ATLANTIC CITY, N.J. - Right away, I had to see them for myself. There was a tiny news story about them in the paper, bottom of Page 2, and after reading it, I screamed: "DORIS, WARM UP THE BUICK! WE'RE HEADED TO ATLANTIC CITY!" somehow overlooking, in all the excitement, that I don't live with anyone named Doris and don't own a Buick, either.
But that wasn't important at the time. Getting to the Jersey Shore pronto - that was the important thing.
Three hours later, I pulled into the grimy self-parking lot at the Tropicana Hotel, crossed the skywalk and descended into the perpetual hazy twilight of the casino.
Oh, things were happening at the Trop. Bob Dylan was coming to the 2,000-seat Showroom, and the "Dresses of Diana, Princess of Wales Exhibit" was a hot ticket, but I didn't care about either of those. The tour buses were rolling in now, too, disgorging armies of senior citizens from all over who shuffled across the casino in polyester sweatsuits or baggy khaki pants and golf shirts with all three buttons buttoned, jiggling their plastic buckets of quarters as they headed, zombie-eyed, to the banks of twinkling slot machines.
But I didn't care about them, either. Let's face it: You can watch these folks gamble at any bingo hall or bull roast in the country.
No, I was here for something much, much bigger. I was here for the new slot machines called Pedal n' Play. And in the rear of the casino, behind a velvet rope and across from the glassed-in poker room, I found them: a row of quarter slots hooked up to exercise bikes, just like the paper said.
There were 10 Pedal n' Play machines in all, each with the colorful name that slot players demand (Triple Diamond Deluxe, Hearts of Gold, Double Wild Cherry, etc.) and attached to each was a gleaming new Lifecycle recumbent bicycle.
My God, the suckers could actually lose weight and lose money at the same time now! It looked so easy, too. Throw a few bills in the machine and start pedaling. Hit the button on the left handlebar to bet. Hit the button on the right handlebar to spin - all while the Lifecycle provides a full digital readout of calories burned, miles pedaled, heart rate, etc.
There was even a cup holder for your Coors Light or amaretto on the rocks or Diet Coke, or whatever you happened to be swilling.
Clearly, we had turned another corner in the social and cultural evolution of America. I thought of all the great developments of the past 50 years: the space program, the smallpox vaccine, the fall of the Iron Curtain, the dawn of the Computer Age. ...
Then, two things jolted me out of my reverie. First, an elderly woman brushed past, spied the Pedal n' Play slots and chirped: "Oh, I've wanted to try these."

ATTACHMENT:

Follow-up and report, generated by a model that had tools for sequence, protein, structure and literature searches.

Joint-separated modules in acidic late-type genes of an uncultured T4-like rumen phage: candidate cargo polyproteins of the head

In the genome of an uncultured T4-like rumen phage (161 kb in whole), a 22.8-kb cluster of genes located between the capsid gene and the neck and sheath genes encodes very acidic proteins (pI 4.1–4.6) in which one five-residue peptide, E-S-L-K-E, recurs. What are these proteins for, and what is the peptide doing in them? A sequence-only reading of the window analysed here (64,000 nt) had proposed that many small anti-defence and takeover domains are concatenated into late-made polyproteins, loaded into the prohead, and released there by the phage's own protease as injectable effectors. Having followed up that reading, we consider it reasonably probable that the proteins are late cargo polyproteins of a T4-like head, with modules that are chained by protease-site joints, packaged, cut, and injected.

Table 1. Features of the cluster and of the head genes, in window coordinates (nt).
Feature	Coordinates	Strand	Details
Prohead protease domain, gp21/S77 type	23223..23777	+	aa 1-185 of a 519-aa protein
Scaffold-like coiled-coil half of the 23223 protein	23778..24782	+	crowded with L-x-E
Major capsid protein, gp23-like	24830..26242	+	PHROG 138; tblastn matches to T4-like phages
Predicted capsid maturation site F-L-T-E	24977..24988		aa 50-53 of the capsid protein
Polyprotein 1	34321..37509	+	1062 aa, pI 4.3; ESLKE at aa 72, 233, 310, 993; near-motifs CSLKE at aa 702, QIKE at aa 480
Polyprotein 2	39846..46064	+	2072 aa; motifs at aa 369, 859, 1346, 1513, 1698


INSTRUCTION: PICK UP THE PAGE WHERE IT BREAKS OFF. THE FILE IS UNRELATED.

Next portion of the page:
She said her name was Dolores Hancock, from Somerset, N.J. Then she stubbed out her Newport 100 in a nearby ashtray, sat at a machine, put a few quarters in and began pedaling earnestly.
Seconds later, a cocktail waitress wearing almost nothing came up and asked if I wanted a drink.
The whole thing was surreal. I felt like I was in the middle of a Fellini movie, except there were no dwarfs or circus strongmen gamboling about and no one was wearing a mask. We may be talking exercise here, I thought. But this ain't exactly the Towson Y.
The new thing
For some years, Las Vegas and Atlantic City have reigned supreme as the modern-day Sodom and Gomorrah of the contiguous 48 states. God, of course, laid waste to the original Sodom and Gomorrah. Vegas went off in its own weird direction a few years ago, marketing itself as a family vacation destination - and not just for the Corleone family, either.
But Atlantic City continued to wallow, even revel, in its tacky licentiousness. It was almost as if God had said: "Providing your gaming licenses are in order and you're not too mobbed up, I will allow you to lure all the rubes you can with noisy, high-payoff slots and free drinks and cheap all-you-can-eat buffets, and aging lounge acts like Barbara Mandrell and Englebert Humperdinck and the re-formed Temptations."
This formula has worked swimmingly for 20-plus years. But like every other industry, the gaming industry is always looking for the Next New Thing. And, believe it or not, the Next New Thing in Atlantic City gambling might be: exercise. This, at any rate, is what a man named George Mancuso is saying to me now.
Mancuso is the Tropicana's vice president of slot operations, a young, handsome fellow who speaks in the language of a dot.com entrepreneur and announces grandly of Pedal n' Play: "We're marrying the fitness craze and the gaming craze."
The Tropicana, he says, is the first casino in the world to try this. At a trade show he attended a year ago, a company called Fitness Gaming Corp., out of Fairfax, Va., approached him and pitched the Pedal n' Play concept.